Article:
Monday, April 11, 2011

Going Native!

The first gardening tip I learned as a budding naturalist (pun intended!!) was the importance of planting native trees, shrubs, and flowers! (Or, at least non-invasive ones). If you've ever taken a Biology course, you're familiar with the fact that each species that exists within a community has a niche ("purpose"). Some lifeforms have many niches. Beech trees, for instance are long-lived trees that can thrive for over 400 years. In addition to providing an enormous habitat for squirrels, hawks, and other animals- beech nuts are a valuable food source for many mammals (like deer and bear). As valuable as this tree is, a forest composed of 90 percent American Beech would be extremely vulnerable. (A community like this by the way, would be called a monoculture). If a blight, such as Beech Bark disease, decimated the Beech population, the food and cover sources for many of the community's mammals would be severely reduced. Another forest that consisted of Beech but that also hosted a variety of oaks and hickories would be stronger because these trees fill similar niches to the Beech, and could therefore better withstand the Beech Bark Disease. The second thing you know if you ever took Biology is that all the time different species are supporting each other, similar species are also competing with each other. And that's where invasive species come in. Invasive plant species live to crowd out any surrounding vegetation (like native plants!) so as to create a monoculture of themselves. In this way, they invade field, forest, and even edge communities like a disease. But, it's not so simple as native plants = good, and invasive plants = bad, even though this equation is almost always true. Native to invasive is more of a spectrum. The closer you are on the native end of the spectrum the better, but you can plant foreign species without dooming your yard and planet.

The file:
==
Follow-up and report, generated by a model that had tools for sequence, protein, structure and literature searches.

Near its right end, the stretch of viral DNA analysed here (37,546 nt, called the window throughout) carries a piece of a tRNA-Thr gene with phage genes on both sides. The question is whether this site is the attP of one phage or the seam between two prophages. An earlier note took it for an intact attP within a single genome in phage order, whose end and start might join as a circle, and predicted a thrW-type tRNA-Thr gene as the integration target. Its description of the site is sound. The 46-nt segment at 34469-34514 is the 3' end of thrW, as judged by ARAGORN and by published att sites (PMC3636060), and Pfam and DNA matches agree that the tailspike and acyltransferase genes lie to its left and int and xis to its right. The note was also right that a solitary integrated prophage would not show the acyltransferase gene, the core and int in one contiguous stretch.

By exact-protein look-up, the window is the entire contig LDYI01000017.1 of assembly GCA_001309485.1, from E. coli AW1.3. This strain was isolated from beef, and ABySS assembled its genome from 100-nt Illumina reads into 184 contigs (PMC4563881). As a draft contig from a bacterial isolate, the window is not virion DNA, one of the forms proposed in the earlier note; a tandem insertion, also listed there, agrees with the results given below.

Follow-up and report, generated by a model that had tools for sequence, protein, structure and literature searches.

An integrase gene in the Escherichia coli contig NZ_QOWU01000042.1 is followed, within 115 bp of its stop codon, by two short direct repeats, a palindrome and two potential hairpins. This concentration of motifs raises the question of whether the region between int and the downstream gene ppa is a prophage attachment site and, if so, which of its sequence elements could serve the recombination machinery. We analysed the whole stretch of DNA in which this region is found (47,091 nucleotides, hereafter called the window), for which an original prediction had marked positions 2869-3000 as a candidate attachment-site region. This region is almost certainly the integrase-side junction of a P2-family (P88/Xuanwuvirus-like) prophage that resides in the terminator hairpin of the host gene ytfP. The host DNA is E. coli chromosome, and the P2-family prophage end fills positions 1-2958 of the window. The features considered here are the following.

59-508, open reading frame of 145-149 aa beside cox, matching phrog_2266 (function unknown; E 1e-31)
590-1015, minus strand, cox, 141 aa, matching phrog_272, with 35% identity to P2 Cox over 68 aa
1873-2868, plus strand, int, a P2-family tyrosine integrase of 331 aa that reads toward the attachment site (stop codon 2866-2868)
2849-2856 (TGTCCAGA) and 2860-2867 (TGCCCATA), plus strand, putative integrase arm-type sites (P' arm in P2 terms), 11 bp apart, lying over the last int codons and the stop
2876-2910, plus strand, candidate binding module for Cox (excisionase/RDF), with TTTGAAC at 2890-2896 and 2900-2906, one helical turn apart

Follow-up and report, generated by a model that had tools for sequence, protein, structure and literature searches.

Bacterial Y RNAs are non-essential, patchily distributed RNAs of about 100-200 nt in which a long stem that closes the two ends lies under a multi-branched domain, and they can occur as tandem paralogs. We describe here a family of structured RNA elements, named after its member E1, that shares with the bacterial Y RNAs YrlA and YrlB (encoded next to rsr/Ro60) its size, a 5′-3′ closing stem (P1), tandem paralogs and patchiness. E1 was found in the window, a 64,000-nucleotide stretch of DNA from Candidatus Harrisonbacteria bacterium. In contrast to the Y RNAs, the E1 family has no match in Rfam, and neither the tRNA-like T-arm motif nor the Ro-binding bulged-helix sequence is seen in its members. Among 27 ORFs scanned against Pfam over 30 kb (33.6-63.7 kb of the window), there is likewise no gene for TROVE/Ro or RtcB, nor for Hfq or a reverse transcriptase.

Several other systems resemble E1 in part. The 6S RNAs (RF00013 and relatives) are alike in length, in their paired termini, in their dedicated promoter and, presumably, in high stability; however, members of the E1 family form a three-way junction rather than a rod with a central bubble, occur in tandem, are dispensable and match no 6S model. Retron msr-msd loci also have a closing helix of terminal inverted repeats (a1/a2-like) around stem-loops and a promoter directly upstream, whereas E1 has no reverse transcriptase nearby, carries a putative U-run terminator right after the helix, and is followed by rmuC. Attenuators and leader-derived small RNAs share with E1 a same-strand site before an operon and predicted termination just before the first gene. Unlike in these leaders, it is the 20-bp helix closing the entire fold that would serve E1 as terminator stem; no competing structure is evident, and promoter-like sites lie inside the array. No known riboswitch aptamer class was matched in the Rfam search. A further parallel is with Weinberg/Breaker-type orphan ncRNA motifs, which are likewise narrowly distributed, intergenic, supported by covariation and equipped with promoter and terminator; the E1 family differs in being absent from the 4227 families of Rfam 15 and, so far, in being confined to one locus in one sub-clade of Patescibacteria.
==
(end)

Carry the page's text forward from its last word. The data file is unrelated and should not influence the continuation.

Here's what I mean!
  • A native plant is a plant that has existed in an area for hundreds of years, before outside settlement. In West Virginia, some beloved native garden plants are: Lilly of the Valley, Virginia Blue Bells, and Trillium.
  • Some wild plants are non-native, naturalized. This means that the plant did not originate in that ecosystem, but have existed there a long time and do not presented a serious threat to native flora. You may be surprised that Dandelions (from Europe) Indian Strawberry (from India) and Daffodils (Europe, again) make the list! If these grow in your yard, there is no environmental reason to eradicate them, but they do not truly reflect the original American landscape.
  • Some plants are non-native, non invasive. They aren't from here, they don't grow here in the wild. But we like to plant them and overall, that's OK! Where I live in West Virginia, I love to plant Zinnias (from Mexico) and Lantana (from the tropics). They are beneficial to birds and butterflies but because they are an annual in Zone 6, they don't survive the winter to spread profusely.
  • Then, you have the invasives. Invasive plants are like alien invaders. They come from another place far far away and the number 1 goal in their existence is to wipe out the life on your planet, - er, yard, for the purpose of totally annihilating the local population for the purposes of colonization. The thing is - sometimes they are sort of pretty. And even though the federal government spends thousands of $$ a year to eradicate these plants (like Paulownia Tree from China or Autumn Olive from Russia) they are not illegal to sell, purchase, or plant. ...So, take a look out your window...could one of your beloved shrubs be an alien invader?? BAH BAH BAAAH!!! I sure hope not.
The how to section of this blog is going to be easy. Before you plant, do your homework to find out where the plant falls on the spectrum. If it's invasive, or the catalog warns - "quickly spreading" you may think twice. Often, there's a native alternative that's just as pretty to the plant your looking at! You can also write to garden nurseries and tell them you prefer to order from catalogs that don't sell invasives.

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